When I say "connectional", I believe it means that there will be times when I carry someone else's burden...and times when I can feel free to ask for help carrying my own.

When I say "connectional", I believe it means that God is in the midst of the connection at all levels, and I ignore that at my peril.

When I say "connectional", I believe it means that the connection doesn't need me to imitate and create a needs me to discern and act in my local setting in conjunction with the movements of the connection.

When I say "connectional", I believe it means that I have a right and duty to speak and to be listened to, heard and considered by the connection...and to listen and consider in return.

Just some thoughts. I wish that this was more natural to us, but this Body of Christ finds it far more easy and personally rewarding to think congregationally instead of connectionally and individually instead of within the understanding of the Orders. I wonder if we'll ever intuitively move in a different direction.

Tuesday, March 24, 2009

The pioneering spirit

Last Friday, I did a graveside service for a 90-year-old. Yesterday, I went to the funeral of a colleague's father, who was 95. And then I went and sang at the bedside of a woman who is in hospice (last stages of Alzheimer's).

None of them did I know personally, other than what their families have told me about them. But I've been listening more and more to "Vista", by David Wilcox, and I keep going back to the title track:

The mountains were high from the valley below.
Back in those days, they didn't know
what was waiting for them over the divide
and who would be the first to see the other side.
But you led the climb up to the cracks,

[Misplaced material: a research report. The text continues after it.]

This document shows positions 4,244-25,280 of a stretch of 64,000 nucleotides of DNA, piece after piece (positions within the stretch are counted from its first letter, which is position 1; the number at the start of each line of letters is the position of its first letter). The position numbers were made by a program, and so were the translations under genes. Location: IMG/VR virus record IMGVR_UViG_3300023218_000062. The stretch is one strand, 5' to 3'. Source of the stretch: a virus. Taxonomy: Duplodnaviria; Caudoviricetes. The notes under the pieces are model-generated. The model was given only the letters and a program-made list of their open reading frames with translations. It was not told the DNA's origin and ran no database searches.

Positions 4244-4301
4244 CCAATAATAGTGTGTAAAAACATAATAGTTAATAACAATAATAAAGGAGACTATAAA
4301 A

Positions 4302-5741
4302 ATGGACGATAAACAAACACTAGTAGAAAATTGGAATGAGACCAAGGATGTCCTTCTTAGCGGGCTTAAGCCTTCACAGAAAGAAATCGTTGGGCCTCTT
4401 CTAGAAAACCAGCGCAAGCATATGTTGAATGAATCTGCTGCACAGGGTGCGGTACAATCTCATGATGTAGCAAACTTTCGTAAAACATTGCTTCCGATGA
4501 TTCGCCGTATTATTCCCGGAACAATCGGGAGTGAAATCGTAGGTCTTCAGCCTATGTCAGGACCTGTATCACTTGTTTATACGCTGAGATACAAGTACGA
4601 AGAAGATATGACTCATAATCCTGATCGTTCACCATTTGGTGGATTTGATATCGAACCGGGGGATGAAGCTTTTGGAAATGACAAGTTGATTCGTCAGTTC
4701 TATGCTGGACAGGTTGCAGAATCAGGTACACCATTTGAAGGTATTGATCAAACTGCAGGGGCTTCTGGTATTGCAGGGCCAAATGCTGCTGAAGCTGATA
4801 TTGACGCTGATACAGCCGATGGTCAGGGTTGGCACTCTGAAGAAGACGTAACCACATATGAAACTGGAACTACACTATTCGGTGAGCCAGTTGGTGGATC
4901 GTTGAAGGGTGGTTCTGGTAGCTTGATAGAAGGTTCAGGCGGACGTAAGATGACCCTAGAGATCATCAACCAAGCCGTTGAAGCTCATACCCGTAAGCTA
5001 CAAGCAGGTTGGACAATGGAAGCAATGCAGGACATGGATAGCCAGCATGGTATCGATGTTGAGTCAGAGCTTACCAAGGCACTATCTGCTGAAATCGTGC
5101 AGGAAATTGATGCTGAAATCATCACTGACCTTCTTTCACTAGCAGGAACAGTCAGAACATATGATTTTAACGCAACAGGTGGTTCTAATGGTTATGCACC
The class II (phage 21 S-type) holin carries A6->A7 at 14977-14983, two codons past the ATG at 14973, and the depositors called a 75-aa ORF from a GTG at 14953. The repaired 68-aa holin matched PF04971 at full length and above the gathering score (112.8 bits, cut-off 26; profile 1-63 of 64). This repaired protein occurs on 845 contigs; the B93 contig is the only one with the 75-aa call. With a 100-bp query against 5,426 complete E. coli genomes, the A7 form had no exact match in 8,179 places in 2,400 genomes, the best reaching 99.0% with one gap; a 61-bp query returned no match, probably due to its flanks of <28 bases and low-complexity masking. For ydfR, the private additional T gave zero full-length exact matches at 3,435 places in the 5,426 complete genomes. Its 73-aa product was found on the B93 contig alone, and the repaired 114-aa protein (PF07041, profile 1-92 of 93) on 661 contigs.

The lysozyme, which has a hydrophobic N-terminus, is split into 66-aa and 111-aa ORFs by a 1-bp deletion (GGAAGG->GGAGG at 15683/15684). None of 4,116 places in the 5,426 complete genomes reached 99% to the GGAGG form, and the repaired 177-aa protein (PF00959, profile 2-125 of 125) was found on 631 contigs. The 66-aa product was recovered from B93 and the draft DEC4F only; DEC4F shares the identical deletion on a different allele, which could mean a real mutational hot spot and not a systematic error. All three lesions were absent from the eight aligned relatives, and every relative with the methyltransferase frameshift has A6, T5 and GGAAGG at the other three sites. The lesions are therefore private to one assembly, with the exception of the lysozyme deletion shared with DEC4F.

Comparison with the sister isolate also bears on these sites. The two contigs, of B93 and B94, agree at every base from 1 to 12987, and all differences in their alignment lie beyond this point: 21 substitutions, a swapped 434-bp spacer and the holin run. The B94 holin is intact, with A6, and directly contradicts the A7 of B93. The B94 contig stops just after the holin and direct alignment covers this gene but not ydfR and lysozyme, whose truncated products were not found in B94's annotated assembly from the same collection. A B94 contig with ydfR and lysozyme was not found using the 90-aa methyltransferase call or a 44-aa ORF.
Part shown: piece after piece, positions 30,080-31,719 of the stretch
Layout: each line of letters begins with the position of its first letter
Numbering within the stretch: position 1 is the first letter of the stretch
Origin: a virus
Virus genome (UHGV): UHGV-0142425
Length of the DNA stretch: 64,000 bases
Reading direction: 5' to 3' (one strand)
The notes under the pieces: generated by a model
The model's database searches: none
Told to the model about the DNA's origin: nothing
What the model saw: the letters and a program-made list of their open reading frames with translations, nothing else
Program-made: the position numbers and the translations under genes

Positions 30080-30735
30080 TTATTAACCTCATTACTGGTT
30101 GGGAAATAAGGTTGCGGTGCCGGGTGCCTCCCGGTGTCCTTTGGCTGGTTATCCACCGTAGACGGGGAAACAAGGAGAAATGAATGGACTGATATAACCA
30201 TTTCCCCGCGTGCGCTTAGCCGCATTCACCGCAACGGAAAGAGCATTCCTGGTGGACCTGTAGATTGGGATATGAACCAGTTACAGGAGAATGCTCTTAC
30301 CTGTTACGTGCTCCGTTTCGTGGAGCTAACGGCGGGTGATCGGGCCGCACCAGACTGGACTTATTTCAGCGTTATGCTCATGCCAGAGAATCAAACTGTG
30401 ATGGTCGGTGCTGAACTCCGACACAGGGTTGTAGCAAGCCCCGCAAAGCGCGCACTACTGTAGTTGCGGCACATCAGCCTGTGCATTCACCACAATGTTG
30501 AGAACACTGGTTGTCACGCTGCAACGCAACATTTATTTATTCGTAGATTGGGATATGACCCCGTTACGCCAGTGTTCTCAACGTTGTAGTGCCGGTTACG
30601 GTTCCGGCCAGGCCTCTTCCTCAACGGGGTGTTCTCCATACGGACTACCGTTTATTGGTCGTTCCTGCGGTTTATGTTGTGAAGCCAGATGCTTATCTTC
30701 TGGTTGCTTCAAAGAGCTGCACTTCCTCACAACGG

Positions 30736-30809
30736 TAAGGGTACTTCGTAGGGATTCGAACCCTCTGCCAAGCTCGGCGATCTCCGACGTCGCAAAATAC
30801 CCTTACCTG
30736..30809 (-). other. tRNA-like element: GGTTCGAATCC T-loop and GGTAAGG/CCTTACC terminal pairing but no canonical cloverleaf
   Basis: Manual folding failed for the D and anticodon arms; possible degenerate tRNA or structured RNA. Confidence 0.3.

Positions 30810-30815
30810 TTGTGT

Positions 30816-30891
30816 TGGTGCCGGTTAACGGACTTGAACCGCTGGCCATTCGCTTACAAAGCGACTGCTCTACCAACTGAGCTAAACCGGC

seeing it all ahead of the rest
Your expression showed the wonder of the place
Looking westward with the sunlight on your face

And the wide open vista...the wide open sweet Someday
Climbing over the ridgetop to finally see the view
that none of us ever have known
Crossing over to home...and the vista.

The flowers were bright here at your side
All of us came to say our goodbyes
Light of morning shines strong into the room
Your breathing changes, time is coming soon
I speak my love, I say my words
You squeeze my hand to say that you've heard
But in your eyes I saw the twinkle in the blue
Looking over the ridge, out into the view

Of the wide open vista...the wide open sweet Someday
Climbing over the ridgetop to finally see the view
that none of us ever have known
Crossing over to Home...and the vista
The wide open sweet Someday
Climbing over the ridgetop to finally see the view
and all of us go there alone
Crossing over to Home.

I love that juxtaposition of the pioneering spirit and the journey to a heavenly home. And it seems like a lot of our "pioneers" are beginning to go--the pioneers of civil rights, of various industries, of women's rights. I wonder if that pioneering spirit will be a factor in my generation. I wonder if anyone, when we go, will call us brave and those who moved forward into a more faithful place.

What mountain lies before me, and what will I do to climb it? I feel like so many times, I watch myself and others content to set up camp at the foot of the mountain. Are we so scared to see God, the great Someday...Home? I think there are a few climbers. Oh, that I might just leave the safety of the camp and just climb.